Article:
UNITED REFORMED CHURCH
Craig’s letter for Summer 2020
Revd Craig Bowman
At the time of writing the lockdown is being slowly relaxed and there is the possibility that church buildings will be open soon. However what we can do in our buildings and who can access them is not at all clear and it will be a careful journey we have to make.
During the lockdown there has been more singing in our house than usual. Louise’s chorus and quartet, like all choirs, are unable to gather together to sing and have been exploring other ways of sharing together and enjoying their hobby. Whilst the quartet have not come round for their occasional rehearsals, Louise has been joining in online gatherings, singing to pre-recorded tracks and recording pieces for her chorus and, on a couple of occasions, for our weekly worship service.
When we gather again for worship it is very unlikely that initially we will be able to join in congregational hymn singing, since it is believed to provide a far greater risk of spreading the virus. This will be hard because it is one of the things that many really enjoy about our worship and it brings people together.
Isaac Watts 1674–1748
And yet, was there ever a more contentious subject than church hymns?
In some places a minister may be a bad preacher, they may wear the wrong vestments, forget the name of the baby he or she is baptising, and still be forgiven. However, if they choose the wrong hymns, select ones that nobody knows, or worse still dictate that familiar hymns should be sung to unfamiliar tunes, their position can be very precarious!
No doubt for generations people within the church have complained about ‘new hymns’ and bemoaned the loss of ‘golden oldies’, but maybe we need to remind ourselves that some of the ‘golden oldies’ we now enjoy were new hymns once! I wonder whether congregations 250 years ago complained about the new hymns of Isaac Watts and the loss of some others that were well known to them?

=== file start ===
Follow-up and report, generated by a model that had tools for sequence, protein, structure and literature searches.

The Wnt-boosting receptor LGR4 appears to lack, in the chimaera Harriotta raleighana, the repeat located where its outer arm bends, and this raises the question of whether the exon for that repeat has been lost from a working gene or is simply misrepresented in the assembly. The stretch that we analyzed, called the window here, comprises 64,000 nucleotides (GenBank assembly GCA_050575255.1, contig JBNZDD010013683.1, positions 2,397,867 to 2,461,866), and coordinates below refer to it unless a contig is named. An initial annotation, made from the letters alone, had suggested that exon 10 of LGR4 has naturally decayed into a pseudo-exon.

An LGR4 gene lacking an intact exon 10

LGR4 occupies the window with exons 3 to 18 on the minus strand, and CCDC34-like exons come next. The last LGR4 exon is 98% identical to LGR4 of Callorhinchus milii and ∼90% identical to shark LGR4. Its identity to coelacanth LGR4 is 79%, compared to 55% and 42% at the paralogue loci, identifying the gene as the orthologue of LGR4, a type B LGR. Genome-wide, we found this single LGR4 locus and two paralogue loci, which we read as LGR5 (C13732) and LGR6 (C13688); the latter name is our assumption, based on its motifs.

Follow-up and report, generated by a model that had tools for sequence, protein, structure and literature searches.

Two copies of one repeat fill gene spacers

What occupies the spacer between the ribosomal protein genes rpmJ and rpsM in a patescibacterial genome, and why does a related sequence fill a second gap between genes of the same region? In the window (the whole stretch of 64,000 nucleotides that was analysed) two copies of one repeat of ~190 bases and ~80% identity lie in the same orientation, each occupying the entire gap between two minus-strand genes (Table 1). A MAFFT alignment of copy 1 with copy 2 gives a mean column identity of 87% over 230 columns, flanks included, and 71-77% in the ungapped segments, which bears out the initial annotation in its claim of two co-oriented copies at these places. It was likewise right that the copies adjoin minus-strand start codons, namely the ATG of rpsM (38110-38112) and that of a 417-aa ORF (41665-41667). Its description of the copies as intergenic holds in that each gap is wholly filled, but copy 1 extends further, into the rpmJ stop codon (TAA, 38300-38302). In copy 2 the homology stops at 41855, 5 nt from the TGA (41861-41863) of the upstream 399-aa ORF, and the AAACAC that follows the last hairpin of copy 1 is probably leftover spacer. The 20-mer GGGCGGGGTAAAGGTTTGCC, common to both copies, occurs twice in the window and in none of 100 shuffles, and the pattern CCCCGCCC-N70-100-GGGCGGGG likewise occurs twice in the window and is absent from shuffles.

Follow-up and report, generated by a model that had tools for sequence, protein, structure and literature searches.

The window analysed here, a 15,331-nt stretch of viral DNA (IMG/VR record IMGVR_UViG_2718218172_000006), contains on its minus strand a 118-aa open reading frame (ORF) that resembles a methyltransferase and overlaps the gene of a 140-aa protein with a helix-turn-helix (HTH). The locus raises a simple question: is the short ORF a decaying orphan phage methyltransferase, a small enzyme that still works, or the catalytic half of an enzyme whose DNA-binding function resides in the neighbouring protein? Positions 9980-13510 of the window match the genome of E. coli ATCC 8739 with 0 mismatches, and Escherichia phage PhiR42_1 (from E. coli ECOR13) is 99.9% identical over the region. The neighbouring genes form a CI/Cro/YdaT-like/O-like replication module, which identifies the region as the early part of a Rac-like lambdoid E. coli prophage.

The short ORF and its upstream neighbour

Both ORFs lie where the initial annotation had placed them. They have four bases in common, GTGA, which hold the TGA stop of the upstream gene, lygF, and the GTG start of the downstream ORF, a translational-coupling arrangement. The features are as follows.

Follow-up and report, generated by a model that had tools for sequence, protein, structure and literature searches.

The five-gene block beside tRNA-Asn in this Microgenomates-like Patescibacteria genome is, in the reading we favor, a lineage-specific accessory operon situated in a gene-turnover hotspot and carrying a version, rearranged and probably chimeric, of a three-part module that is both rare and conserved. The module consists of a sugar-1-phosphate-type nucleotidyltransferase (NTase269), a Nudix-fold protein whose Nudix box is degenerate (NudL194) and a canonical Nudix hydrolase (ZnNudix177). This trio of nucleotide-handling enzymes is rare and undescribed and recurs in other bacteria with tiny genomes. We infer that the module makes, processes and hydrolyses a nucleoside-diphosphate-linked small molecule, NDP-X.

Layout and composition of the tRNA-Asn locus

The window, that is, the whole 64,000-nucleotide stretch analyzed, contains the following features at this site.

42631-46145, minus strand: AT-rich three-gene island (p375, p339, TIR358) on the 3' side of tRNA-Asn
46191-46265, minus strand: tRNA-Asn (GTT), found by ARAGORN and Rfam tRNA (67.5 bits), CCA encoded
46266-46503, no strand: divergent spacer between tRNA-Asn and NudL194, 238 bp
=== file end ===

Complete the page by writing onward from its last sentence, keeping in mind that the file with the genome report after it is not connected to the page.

Whichever hymns and tunes a worship leader selects there are always going to be those who don’t appreciate his or her choices, and maybe those of us who lead worship will just have to put up with that, just as members of congregations will have to put up with the fact that ministers are not always going to choose their favourite hymns and tunes.
Most hymns are affirmations or prayers - they are not just sung as a piece of music, but as a collective declaration or prayer of the people of God. The words have sense and meaning beyond just sounding nice, and the music should help to bring out that sense. It is always worth asking, what is the author of the hymns saying here, and trying to get us/me to say? It is probably also worth considering why it is that the worship leader has included that particular hymn at that particular point in that particular service - I try very hard to select an appropriate hymn for each point of the Sunday services.
The desire to select a hymn that fits the service and a particular point in the service has remained during these months when we have been worshipping together via an audio service in our dispersed places. However the range of hymns is far more limited since we can only use those for which we can find a recording that suits our needs. It may be that in time we pick a few more hymns that are unfamiliar but perhaps we could see that as an opportunity to learn something new which may in time become one of our ‘old favourites’?
May God bless us all,
The Revd Craig Bowman is minister of St Andrew’s Cheam and Wallington United Reformed Churches